I trimmed the excess fat, poured in a bottle of Guinness and, following my Barbecue instincts, cooked the mammoth hunk of meat at 225 degrees for a very long time. The result was a super tender, deeply flavored corned beef that raised my eyebrows. We have never gone back to the boiling method, even when preparing smaller cuts of beef. Over the years I have added large chunks of onion, carrots, potatoes, and even mushrooms to the pan, giving us a full meal.

    Never saw them do it on D,D-I, D, but I still recommend this method.

    Buddy
  • Post #11 - March 12th, 2009, 7:56 am
    Post #11 - March 12th, 2009, 7:56 am Post #11 - March 12th, 2009, 7:56 am
    Buddy,

    People who make pastrami from commercial corned beef begin by soaking a few days to reduce the salt. Are you doing this? If not, how is your corned beef for saltiness?

    Regards,
    Cathy2

    "You'll be remembered long after you're dead if you make good gravy, mashed potatoes and biscuits." -- Nathalie Dupree
    Facebook, Twitter, Greater Midwest Foodways, Road Food 2012: Podcast
  • Post #12 - March 12th, 2009, 8:01 am
    Post #12 - March 12th, 2009, 8:01 am Post #12 - March 12th, 2009, 8:01 am
    I prefer the flat brisket vs the point brisket for corned beef - the flat has less fat, and is easier to slice in my experience.

    Never tried it in the oven, I do my corned beef the way my mom and my S. Side Irish grandmother did it, simmered in water and beer. I do rub some additional pickling spice on the brisket & add some garlic cloves to the water to give it extra flavor.

    Ill be making my corned beef, cabbage, and potatoes Saturday night since St. Patty's day falls on a Tuesday this year.

    slainte
  • Post #13 - March 12th, 2009, 8:38 am
    Post #13 - March 12th, 2009, 8:38 am Post #13 - March 12th, 2009, 8:38 am
    I make mine in a slow cooker with taters and carrots. Makes the whole place smell like beef. :mrgreen:
    I want to have a good body, but not as much as I want dessert. ~ Jason Love

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  • Post #14 - March 12th, 2009, 12:18 pm
    Post #14 - March 12th, 2009, 12:18 pm Post #14 - March 12th, 2009, 12:18 pm
    Cathy,

    I've never soaked my corned beef prior to cooking. I have not noticed any undue saltiness in the finished product.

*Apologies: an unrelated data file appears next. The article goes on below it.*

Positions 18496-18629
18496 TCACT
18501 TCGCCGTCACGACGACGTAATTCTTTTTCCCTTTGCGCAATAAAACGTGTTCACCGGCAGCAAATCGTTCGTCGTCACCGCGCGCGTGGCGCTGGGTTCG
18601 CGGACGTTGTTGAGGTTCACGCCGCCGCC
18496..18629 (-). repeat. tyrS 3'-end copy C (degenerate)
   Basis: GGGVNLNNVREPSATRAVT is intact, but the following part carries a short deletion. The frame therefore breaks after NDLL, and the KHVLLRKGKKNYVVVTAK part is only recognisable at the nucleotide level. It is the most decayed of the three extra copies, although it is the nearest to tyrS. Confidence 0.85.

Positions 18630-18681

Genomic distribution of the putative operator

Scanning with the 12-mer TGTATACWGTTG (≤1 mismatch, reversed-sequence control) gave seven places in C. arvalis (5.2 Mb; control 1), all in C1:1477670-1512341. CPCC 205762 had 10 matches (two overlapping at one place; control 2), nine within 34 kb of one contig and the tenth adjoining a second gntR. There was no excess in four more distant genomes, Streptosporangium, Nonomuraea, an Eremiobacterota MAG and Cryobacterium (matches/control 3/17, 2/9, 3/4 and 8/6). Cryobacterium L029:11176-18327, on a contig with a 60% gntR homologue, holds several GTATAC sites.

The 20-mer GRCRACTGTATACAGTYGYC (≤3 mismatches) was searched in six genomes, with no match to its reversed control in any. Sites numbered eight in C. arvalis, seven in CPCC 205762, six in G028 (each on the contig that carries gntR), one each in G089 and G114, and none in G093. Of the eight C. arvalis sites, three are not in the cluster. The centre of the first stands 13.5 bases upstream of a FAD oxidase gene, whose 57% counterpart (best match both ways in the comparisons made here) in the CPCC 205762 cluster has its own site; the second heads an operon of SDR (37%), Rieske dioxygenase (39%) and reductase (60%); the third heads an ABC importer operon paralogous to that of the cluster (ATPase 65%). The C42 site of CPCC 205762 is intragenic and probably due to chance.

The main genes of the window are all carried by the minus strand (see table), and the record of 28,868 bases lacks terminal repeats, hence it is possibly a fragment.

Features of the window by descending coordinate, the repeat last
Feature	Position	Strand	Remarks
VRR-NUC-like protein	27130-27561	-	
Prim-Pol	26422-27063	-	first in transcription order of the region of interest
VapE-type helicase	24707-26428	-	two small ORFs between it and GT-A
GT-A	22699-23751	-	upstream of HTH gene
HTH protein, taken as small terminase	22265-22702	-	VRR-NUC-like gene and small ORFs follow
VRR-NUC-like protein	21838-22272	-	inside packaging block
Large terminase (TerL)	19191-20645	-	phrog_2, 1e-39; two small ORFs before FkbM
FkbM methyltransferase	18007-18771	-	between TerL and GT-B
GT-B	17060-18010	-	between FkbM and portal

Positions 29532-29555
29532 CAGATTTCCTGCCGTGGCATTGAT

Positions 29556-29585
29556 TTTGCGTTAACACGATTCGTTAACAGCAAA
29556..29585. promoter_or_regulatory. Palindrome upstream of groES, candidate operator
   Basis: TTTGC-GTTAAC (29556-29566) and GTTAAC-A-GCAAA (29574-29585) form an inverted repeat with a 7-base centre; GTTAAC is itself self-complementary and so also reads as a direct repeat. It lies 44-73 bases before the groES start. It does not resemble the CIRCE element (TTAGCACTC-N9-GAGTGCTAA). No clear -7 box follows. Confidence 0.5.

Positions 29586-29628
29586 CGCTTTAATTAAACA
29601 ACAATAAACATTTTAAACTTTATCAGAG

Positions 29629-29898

Buddy
  • Post #15 - March 12th, 2009, 1:52 pm
    Post #15 - March 12th, 2009, 1:52 pm Post #15 - March 12th, 2009, 1:52 pm
    Buddy...I am in awe...an 18 lb corned beef! Anyway, thank you for confirming that corned beef can be cooked in the oven. In the past I've boiled it and also have used a crockpot. What I saw on 3D seemed to have more of an intensity of flavor, which your experience seems to confirm. I think I remember from the 3D episode that the cook sprinkled pickling spices and some brown sugar on the beef. What do you think about the brown sugar...does that sound wrong? I'm cooking it "your" way this weekend. I'll let you know how it turns out! Thanks everyone!
  • Post #16 - March 12th, 2009, 6:17 pm
    Post #16 - March 12th, 2009, 6:17 pm Post #16 - March 12th, 2009, 6:17 pm
    razbry wrote:Buddy...I am in awe...an 18 lb corned beef! Anyway, thank you for confirming that corned beef can be cooked in the oven. In the past I've boiled it and also have used a crockpot. What I saw on 3D seemed to have more of an intensity of flavor, which your experience seems to confirm.
    I apply the same rules to the corned beef that I use for cooking my 'Que: The only time I boil my ribs is if I'm trying to make rib soup. Do I want the flavor to end up in the meat or in the water I cooked it in? For me that's an easy answer.
    razbry wrote:I think I remember from the 3D episode that the cook sprinkled pickling spices and some brown sugar on the beef. What do you think about the brown sugar...does that sound wrong?
    It's all a matter of taste razzy. I think the brown sugar will add another another layer of flavor. Will it be an absolutely "traditional" corned beef? Some folks would argue, no. But if labels don't matter to you, I say go for it.